Was just over at IGN reading up on this same article. You would not believe just how many people in the comments there are acting outraged for whatever stupid reason, some don't even think this is a good idea.

Me? I just have one question: Will I have to re-pay in order to stream games I already own?

How would playing games via smart TV's work controller wise though, if you don't have a console?

I assume you still need to buy a PS3 controller, right?

Anyway, this has the premise of being very sweet.

The prospect of this service is quite intriguing. If it's priced just right, I think I'd be game for it.

The idea of streaming and playing PS1/2/3 games to my vita (primarily PS3 titles) makes me a very happy gamer. As long as the latency and quality is good, this coupled with PS+ just makes for a killer deal. Dale Norht over at destructoid was playing Last of Us on the Vita and said it worked pretty damn good.

Though the real test of this services capabilities will come later. Hope it works out.

Casual Shinji:
How would playing games via smart TV's work controller wise though, if you don't have a console?

I assume you still need to buy a PS3 controller, right?

Anyway, this has the premise of being very sweet.

Pff, it's obvious that you gotta use the TV remote to control your games, with some voice gestures thrown in for good measure. Like some next gen Colecovision.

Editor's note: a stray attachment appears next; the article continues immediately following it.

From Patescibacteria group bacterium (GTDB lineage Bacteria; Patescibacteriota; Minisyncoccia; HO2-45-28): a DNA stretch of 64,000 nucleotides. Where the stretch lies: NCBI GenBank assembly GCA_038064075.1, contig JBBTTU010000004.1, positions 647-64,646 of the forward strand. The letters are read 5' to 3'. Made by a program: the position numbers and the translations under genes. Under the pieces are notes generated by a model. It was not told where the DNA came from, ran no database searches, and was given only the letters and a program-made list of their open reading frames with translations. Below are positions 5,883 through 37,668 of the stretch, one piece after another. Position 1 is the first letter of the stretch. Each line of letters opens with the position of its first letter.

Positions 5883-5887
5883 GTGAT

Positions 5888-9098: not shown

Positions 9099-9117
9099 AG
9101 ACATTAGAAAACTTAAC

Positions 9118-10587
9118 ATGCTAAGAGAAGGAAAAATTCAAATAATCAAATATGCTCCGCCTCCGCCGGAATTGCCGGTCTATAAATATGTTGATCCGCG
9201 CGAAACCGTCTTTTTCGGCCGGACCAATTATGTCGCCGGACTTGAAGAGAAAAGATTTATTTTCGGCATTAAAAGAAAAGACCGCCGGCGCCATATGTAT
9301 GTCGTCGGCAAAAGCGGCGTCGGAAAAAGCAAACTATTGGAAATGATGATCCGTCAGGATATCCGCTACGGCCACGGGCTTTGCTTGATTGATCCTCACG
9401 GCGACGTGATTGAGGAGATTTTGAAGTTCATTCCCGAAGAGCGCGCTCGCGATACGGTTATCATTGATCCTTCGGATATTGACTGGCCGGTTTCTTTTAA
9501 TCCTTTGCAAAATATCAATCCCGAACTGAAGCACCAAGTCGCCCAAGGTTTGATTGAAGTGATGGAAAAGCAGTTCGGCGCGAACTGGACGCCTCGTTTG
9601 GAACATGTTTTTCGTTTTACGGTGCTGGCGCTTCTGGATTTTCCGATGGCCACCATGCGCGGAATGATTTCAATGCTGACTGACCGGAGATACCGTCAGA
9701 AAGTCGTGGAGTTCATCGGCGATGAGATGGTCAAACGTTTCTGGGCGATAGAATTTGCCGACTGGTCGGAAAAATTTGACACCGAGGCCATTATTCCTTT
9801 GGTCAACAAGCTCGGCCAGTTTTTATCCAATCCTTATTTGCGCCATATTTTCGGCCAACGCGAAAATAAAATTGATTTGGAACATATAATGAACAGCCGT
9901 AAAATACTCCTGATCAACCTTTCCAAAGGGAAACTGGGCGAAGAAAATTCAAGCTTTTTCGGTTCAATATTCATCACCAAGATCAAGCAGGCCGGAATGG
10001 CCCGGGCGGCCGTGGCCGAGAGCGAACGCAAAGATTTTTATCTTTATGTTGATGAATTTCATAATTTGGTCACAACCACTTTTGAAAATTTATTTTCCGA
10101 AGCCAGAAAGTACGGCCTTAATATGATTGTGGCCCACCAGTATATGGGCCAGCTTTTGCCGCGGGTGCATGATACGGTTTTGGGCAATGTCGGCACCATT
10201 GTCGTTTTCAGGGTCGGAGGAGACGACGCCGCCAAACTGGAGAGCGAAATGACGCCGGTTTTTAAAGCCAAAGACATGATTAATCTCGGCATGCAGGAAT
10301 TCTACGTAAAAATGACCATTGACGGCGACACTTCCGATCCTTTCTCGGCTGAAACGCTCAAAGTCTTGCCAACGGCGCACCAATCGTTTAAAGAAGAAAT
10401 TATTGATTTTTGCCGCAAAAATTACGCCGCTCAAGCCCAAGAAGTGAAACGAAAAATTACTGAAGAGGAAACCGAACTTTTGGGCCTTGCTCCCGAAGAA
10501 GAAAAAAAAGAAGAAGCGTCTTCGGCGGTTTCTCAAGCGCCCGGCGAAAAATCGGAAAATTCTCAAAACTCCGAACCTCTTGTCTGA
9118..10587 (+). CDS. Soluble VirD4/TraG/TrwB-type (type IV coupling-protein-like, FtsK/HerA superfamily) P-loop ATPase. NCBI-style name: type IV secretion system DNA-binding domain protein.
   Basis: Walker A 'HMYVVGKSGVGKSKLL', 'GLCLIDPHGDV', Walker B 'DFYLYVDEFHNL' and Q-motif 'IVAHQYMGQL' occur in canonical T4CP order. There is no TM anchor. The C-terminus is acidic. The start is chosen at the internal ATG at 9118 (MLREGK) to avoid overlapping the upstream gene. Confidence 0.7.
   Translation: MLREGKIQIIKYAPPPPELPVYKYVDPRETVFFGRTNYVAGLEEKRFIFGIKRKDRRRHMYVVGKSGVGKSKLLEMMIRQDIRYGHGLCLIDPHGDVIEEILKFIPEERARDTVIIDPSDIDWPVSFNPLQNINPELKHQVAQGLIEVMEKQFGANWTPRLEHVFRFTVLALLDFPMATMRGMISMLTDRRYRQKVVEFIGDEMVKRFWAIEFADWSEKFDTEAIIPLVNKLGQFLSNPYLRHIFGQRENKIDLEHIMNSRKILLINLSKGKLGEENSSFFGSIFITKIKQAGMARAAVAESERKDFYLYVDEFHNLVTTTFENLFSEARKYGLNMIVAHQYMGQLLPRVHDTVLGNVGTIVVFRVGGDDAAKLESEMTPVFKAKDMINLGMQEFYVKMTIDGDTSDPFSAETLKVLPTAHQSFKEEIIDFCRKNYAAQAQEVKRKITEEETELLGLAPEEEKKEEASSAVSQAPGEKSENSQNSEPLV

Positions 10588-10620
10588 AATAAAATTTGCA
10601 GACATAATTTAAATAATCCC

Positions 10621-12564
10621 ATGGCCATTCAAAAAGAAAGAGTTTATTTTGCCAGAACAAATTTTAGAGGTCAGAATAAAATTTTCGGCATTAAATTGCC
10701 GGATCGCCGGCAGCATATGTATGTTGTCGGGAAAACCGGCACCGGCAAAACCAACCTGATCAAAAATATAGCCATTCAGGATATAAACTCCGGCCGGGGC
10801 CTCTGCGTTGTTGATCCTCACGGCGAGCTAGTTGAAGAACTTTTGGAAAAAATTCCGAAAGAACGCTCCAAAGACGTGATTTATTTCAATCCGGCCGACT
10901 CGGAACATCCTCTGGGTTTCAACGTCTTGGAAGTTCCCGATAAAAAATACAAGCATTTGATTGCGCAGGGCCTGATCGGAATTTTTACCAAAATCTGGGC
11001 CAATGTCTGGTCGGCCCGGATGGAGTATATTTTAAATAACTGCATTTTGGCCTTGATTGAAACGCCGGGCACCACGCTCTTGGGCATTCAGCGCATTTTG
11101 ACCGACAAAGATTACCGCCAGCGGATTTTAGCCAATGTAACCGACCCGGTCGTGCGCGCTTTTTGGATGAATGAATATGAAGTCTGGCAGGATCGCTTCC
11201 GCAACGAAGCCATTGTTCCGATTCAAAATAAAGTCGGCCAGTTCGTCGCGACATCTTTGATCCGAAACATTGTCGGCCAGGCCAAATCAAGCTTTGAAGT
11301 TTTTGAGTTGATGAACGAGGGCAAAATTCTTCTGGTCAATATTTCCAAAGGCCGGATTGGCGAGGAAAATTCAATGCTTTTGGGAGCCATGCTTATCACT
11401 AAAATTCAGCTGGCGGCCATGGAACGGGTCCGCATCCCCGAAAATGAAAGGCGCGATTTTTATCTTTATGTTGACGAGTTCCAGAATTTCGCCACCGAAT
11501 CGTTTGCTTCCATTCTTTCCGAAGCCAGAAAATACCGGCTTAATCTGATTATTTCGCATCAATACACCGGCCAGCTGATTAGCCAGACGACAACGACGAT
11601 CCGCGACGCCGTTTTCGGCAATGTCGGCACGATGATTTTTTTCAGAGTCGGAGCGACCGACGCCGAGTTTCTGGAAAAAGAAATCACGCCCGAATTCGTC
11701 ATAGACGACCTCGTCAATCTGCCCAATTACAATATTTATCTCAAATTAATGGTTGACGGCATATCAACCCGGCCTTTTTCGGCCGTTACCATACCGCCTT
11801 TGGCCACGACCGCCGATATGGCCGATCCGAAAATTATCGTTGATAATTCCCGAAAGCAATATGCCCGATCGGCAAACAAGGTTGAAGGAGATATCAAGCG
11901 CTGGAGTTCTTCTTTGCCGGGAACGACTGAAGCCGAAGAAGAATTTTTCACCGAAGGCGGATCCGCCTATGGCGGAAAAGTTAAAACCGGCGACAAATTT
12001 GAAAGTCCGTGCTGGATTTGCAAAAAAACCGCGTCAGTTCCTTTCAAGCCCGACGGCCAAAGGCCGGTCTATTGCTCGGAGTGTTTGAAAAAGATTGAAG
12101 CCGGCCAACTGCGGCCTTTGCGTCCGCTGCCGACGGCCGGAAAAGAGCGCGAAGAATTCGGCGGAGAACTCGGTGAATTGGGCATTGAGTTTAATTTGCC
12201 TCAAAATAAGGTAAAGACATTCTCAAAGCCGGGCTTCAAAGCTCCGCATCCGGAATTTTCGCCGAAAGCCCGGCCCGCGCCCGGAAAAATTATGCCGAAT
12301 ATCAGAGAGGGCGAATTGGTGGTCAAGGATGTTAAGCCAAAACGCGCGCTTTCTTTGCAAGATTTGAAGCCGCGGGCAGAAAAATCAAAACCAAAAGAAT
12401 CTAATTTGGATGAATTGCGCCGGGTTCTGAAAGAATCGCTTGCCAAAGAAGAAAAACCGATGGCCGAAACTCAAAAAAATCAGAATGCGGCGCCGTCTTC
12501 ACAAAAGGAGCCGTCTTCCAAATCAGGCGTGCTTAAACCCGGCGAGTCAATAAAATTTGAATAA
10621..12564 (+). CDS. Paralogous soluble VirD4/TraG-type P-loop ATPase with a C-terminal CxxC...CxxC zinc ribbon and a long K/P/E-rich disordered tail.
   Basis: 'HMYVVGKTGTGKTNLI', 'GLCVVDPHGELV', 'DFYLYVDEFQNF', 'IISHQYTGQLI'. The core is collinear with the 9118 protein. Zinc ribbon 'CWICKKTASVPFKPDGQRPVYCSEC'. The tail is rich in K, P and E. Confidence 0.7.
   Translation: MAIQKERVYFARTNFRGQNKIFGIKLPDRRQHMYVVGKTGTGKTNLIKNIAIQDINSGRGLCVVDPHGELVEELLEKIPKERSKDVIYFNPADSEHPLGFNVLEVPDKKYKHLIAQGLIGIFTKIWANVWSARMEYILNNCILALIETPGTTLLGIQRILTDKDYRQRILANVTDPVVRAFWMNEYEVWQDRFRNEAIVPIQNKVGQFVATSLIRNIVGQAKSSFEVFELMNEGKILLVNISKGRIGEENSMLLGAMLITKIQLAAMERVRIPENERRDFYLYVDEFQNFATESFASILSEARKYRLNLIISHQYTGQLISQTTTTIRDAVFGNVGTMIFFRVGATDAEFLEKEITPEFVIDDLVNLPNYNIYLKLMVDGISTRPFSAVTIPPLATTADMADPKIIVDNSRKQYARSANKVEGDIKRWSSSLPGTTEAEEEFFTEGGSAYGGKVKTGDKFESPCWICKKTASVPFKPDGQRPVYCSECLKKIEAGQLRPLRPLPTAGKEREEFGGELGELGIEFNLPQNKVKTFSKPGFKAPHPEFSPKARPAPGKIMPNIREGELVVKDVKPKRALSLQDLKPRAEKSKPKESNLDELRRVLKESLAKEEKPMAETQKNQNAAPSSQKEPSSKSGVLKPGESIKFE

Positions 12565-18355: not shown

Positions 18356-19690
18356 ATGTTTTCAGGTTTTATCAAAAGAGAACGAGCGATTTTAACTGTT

Casual Shinji:
How would playing games via smart TV's work controller wise though, if you don't have a console?

I assume you still need to buy a PS3 controller, right?

Anyway, this has the premise of being very sweet.

I'd assume that the smart TVs probably have some sort of connector in them that would allow you to connect to it. That or you were to use the USB port because all smart TVs have at least one of those to my knowledge. If it's something to where you can sync the controller that'll be cool. I mean hell, to sync a Wiimote to a computer all you need is a Bluetooth dongle.

OT: Hopefully this turns out well, but I will remain cautiously optimistic about this little bit. It will be nice if it takes off, but I still have my PS2 and PS3 so if it doesn't work I'm not at too much of a loss.

Dreadman75:
Me? I just have one question: Will I have to re-pay in order to stream games I already own?